Doesn't that rather match the "worlds safest car" moniker?

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Lithium-Ion Batteries

Ok, so Tesla have stated that the fire started in the battery pack. The most likely cause of this is due to the metal debris the driver said he ran over punctured a cell and caused a short circuit.

Now, this is a Lithium-Ion battery pack, which contains no raw lithium metal, and hence is not reactive to water.

Conventional fire training states that for an electrical fire, do not use water. In the case of a Li-Ion fire, this is not the case. Once the cell goes into thermal runaway, all the ingredients for the fire (Fuel, oxygen and heat) are in the cell. using CO2 or foam will have no effect (these are used to remove an external source of oxygen from the fire).

It has been stated that the initial use of water was not effective. Looking at the video the fire seems to have spread beyond the batteries, so there is likely to be an electrical fire outside the battery, plus whatever other flammables are there. At this point they used dry extinguishers, smashed through the battery and at that point (which this article does not mention) water was used on the cells to finally put out the source of the fire. It seems to me that the fire department on site had the proper knowledge and training to deal with the fire.

No-one was injured and the driver evacuated the vehicle safely. Any artificially powered vehicle that suffers damage in the wrong place will catch fire. There are numerous vehicle fires on our roads (and race tracks) every year, and none of these have this kind of effect on the stock price of that company. Hopefully the post-mortem reports will bring market confidence back to Tesla.

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Re: Lithium-Ion Batteries

"and none of these have this kind of effect on the stock price of that company"

Just lol - none of the other car manufactures have such ridiculously astronomically high valuations.

One fire devalued the company by 6%? An ounce of common sense would devalue the company by 90%

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VERTICAL VIDEO SYDROME!

Another idiot holding the camera the wrong way.

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Buying a tesla

I was shopping for an upgrade to my trusty Prius, but it looks like the Tesla isn't the best options, I have kids, and I don't want to seem them burning to their death.

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Email from Tesla says water is correct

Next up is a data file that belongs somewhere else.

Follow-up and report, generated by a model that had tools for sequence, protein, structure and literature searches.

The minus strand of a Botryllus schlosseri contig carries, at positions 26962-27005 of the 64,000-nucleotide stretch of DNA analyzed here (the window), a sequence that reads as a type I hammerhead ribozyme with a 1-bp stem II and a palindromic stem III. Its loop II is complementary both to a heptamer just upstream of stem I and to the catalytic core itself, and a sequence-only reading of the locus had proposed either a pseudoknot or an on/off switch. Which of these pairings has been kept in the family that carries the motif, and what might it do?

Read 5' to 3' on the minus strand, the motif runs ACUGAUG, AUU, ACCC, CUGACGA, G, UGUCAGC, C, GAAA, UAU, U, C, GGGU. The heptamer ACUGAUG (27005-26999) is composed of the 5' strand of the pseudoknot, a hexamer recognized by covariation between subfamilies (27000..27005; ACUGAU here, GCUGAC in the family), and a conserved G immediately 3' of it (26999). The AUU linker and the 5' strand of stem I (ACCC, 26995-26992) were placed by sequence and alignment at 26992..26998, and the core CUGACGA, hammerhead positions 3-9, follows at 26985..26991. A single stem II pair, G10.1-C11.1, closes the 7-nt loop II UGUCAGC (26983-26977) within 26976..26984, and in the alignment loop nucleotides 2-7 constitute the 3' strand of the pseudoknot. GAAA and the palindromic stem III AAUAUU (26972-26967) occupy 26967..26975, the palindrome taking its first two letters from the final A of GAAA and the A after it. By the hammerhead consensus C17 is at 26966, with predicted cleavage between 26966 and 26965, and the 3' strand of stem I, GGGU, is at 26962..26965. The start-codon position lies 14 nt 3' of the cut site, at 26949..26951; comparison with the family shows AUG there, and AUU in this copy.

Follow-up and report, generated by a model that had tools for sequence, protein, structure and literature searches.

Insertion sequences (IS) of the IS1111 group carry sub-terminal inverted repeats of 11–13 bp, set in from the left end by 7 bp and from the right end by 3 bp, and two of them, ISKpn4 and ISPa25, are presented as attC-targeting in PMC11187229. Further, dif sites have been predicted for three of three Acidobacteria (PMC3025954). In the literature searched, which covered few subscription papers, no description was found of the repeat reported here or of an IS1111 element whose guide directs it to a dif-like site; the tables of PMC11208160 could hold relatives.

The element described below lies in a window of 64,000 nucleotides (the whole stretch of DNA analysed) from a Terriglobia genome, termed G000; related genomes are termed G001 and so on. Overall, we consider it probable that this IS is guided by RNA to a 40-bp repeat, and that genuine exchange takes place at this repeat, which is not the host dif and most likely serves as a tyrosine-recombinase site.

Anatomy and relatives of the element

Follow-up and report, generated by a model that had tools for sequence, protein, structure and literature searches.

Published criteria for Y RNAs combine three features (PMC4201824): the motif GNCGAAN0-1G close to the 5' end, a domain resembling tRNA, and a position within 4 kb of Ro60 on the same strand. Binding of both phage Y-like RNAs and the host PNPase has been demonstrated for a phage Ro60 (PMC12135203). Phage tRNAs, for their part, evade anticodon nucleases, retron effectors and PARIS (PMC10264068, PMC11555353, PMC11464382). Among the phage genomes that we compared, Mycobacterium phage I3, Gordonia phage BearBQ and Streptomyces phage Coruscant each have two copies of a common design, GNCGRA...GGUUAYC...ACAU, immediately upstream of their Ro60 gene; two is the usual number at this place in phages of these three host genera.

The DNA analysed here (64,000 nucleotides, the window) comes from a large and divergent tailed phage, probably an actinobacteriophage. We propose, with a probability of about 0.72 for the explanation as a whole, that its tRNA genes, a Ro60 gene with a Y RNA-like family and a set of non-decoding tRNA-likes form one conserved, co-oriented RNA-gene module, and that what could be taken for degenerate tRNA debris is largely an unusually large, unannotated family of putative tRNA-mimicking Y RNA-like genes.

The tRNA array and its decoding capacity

From the email they sent me (I'm on their mailing list):

[[When the fire department arrived, they observed standard procedure, which was to

gain access to the source of the fire by puncturing holes in the top of the

battery's protective metal plate and applying water. For the Model S lithium-ion

battery, it was correct to apply water (vs. dry chemical extinguisher), but not to

puncture the metal firewall, as the newly created holes allowed the flames to then

vent upwards into the front trunk section of the Model S. Nonetheless, a

combination of water followed by dry chemical extinguisher quickly brought the fire

to an end.]]

Water may be wrong for an electrical fire, but apparently it's right for a lithium-ion battery fire, I guess.

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Missed the Main Point

This article seems a bit snarky and misleading - particularly the title.

The simple fact is the Tesla still is the safest car ever made.

Directly from MIT Tech Review: "there were 187,000 vehicle fires in the United States in 2011. That’s one fire for every 1,738 cars on the road. With Tesla, this fire makes one out of almost 20,000." That’s still 10X LESS frequent than an ICE.

Also, about 1 person dies a day in an ICE car fire and about 1600 injuries a year while there have been ZERO deaths or even injuries from a Tesla fire. That is still enormously impressive and easily lives up to the title 'Safest Car'.

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Anonymous Coward

Looks fishy to me

The vehicle is a few feet from a right hand turn at a junction. One would assume it had been coming to a stop as the driver approached the junction then went into flames as the driver pulled away?